If you believe that Robert Johnson may have made a deal with the devil in exchange for his legendary talent, then you have to consider that Joe Bonamassa may also have been fated to play blues music from the day that he was born. The two men share a birthday together (May 8th) – a mere 66 years apart – and both enjoy an almost supernatural ability in playing the guitar, Bonamassa first displaying his otherworldly six-string talents at the preternatural age of thirteen.
To push our superstitious theorizing even further, Driving Towards The Daylight is Bonamassa's "lucky 13th" album and his seventh recorded with producer Kevin Shirley (7 the Chinese lucky number for relationships) in the past six years (6 the Chinese lucky number for happiness), which by all measures means that this album should be Bonamassa's best-seller to date. All kidding aside, though, the album represents a sort of "back to basics" for the guitarist, Shirley bringing a crack band into the studio that included guitarists Brad Whitford of Aerosmith, Pat Thrall, and Blondie Chaplin as well as bassist Michael Rhodes and drummer Anton Fig in an attempt to push Bonamassa out of his comfort zone.
Joe Bonamassa's Driving Towards The Daylight
Much of Driving Towards The Daylight evinces a sort of early-1970s classic rock vibe. Bonamassa's original "Dislocated Boy" is a rough 'n' tumble tale of working class blues that heaps lyrical alienation and tortured vocals layer by layer on top of an eerie soundtrack provided partially by keyboardist Arlen Schierbaum. The song refers to Robert Johnson, although not by name, drawing a line between the Delta legend and the young guitarist, Bonamassa's haunting solos cutting not precisely, like a scalpel, but rather in wide arcs like a madman-wielded scimitar. It seems only natural that the guitarist would follow up with a rockin' cover of Johnson's "Stones In My Passway," an obscure but effective choice that echoes elements of Led Zeppelin, particularly in Anton Fig's powderkeg drumbeats and the hypnotic rhythm guitar.
The title track, co-written by Bonamassa, is a bluesy ballad that grows in strength from gentle guitar strum to anguished self-reflection and back, Bonamassa pushing his vocal performance into a more soulful, emotional space that benefits greatly from his elegant, measured fretwork. It's a solid blues-rock tune that reminds of Paul Rodgers and Free, or maybe even Derek & the Dominos. A cover of the great Howlin' Wolf's "Who's Been Talking?" includes a cool spoken word segment from the Chicago blues legend before jumping headfirst into the raging rocker, the rhythm section delivering a spry, swinging backdrop for Bonamassa's rattletrap guitar and gruff vocals. The drumbeats positively snap in response to the singer's phrasing, and the guitar solo that rolls out at the end of the song is pure adrenalin-fueled fury.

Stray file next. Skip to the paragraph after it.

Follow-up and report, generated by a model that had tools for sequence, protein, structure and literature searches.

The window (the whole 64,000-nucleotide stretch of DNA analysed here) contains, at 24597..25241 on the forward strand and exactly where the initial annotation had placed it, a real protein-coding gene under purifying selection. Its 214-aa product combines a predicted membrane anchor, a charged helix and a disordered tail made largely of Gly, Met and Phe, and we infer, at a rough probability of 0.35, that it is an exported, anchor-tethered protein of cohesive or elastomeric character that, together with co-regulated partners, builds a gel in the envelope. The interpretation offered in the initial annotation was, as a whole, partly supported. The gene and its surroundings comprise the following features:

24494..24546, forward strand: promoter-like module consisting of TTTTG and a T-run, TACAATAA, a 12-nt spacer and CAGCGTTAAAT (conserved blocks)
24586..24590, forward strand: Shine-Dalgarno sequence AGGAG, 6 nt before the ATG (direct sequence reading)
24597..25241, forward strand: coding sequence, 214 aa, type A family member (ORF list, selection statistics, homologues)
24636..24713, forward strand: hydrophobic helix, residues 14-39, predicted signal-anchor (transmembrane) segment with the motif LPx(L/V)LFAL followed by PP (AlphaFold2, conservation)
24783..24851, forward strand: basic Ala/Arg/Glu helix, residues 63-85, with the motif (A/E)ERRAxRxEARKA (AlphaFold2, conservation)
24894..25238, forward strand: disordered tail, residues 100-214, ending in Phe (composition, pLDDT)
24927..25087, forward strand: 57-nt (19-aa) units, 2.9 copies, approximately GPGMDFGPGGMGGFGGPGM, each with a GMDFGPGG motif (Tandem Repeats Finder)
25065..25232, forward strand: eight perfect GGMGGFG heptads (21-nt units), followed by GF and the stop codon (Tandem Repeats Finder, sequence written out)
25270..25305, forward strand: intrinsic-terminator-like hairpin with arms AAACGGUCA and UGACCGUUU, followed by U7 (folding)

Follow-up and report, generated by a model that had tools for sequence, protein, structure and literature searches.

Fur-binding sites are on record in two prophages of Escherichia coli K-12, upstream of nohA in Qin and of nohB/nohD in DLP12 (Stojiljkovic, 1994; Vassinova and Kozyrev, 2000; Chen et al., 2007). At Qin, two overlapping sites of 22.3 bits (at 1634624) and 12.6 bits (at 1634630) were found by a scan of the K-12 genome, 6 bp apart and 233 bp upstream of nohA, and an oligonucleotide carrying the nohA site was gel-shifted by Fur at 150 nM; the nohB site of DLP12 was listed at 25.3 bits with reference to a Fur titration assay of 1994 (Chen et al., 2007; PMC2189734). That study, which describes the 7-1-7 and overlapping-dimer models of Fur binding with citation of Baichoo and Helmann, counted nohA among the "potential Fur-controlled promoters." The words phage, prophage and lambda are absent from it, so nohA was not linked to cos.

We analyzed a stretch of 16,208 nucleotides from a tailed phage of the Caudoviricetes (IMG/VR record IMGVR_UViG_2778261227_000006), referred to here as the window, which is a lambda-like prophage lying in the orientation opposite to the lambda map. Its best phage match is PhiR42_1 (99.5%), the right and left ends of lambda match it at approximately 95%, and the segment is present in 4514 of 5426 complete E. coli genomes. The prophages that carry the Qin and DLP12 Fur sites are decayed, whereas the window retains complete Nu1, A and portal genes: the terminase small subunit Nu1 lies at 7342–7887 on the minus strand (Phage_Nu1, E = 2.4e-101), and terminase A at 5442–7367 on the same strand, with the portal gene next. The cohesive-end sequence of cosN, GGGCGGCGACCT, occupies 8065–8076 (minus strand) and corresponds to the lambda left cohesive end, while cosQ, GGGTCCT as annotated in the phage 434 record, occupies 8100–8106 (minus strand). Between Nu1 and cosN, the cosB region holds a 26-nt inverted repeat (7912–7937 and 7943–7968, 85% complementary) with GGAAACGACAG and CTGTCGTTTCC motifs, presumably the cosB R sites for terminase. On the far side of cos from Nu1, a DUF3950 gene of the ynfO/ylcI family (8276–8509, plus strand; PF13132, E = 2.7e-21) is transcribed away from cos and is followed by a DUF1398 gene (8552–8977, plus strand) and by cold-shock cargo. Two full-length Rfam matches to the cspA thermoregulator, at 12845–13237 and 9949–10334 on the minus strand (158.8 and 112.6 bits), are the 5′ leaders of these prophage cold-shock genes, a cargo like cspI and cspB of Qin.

Lonely Town Lonely Street
A cover of Willie Dixon's "I Got All You Need," is delivered by Bonamassa and band in all of their traditional Chicago blues finery, from the Otis Spann-influenced organ riffs plucking away in the background and the swaggering, drumbeat-driven rhythms to the guitarist's Jimmy Rogers styled guitar licks. A cover of the Whitesnake obscurity, "A Place In My Heart," written by that band's guitarist Bernie Marsden, is delivered as a mournful blues dirge, with lonely horns providing icy blasts beneath Bonamassa's crying vocals and tearjerker guitar licks worthy of Albert King or Buddy Guy.
By contrast, a cover of Bill Withers' wonderful "Lonely Town Lonely Street" is rocked up a bit with big-beat drums, dirty guitar riffs, a big bass line, rollicking keyboard fills, and high-flying Jimmy Page-styled solos (accompanied by explosive percussion straight out of the John Bonham school of destruction). Tom Waits seems to be songwriter of choice for young bluesmen-and-women these days, and Bonamassa mines the scribe's considerable catalog for a cover of "New Coat of Paint," adding a sort of stately malevolence to the tune with world-weary vocals and scorched earth solos that dance throughout the arrangement.
The original "Somewhere Trouble Don't Go" is an unabashed rocker with furious vocals, freight train rhythms, bloody scraps of barbed wire guitar shot throughout the mix, and an overall Bad Company circa 1972 vibe. Bonamassa gives up the microphone to Australian rock legend Jimmy Barnes for a cover of his 1987 hit "Too Much Ain't Enough Love." A red-hot slab of blue-eyed soul reminiscent of Frankie Miller, Barnes bellows out the words like old school soul shouter Solomon Burke while Bonamassa puts all those lessons he learned from the great B.B. King as a young teen to work here with a considered, tasteful six-string performance worthy of the master.
The Reverend's Bottom Line
While Bonamassa throws a couple of well-executed surprises into the grooves of Driving Towards The Daylight, much as he did with 2011's Dust Bowl, there's no radical departure from the basic guitar-driven, meat-and-potatoes blues-rock sound that has earned the guitarist a loyal worldwide audience. Still, these glimpses beyond the curtain that stretch Bonamassa's talents beyond their comfort zone are welcome detours, and if takes side projects like Don't Explain, his collaboration with singer Beth Hart, to further push Bonamassa's growth as an artist without turning off his fans (but still earning him new followers), then I say let the man play! (J&R Adventures, released May 22, 2012)
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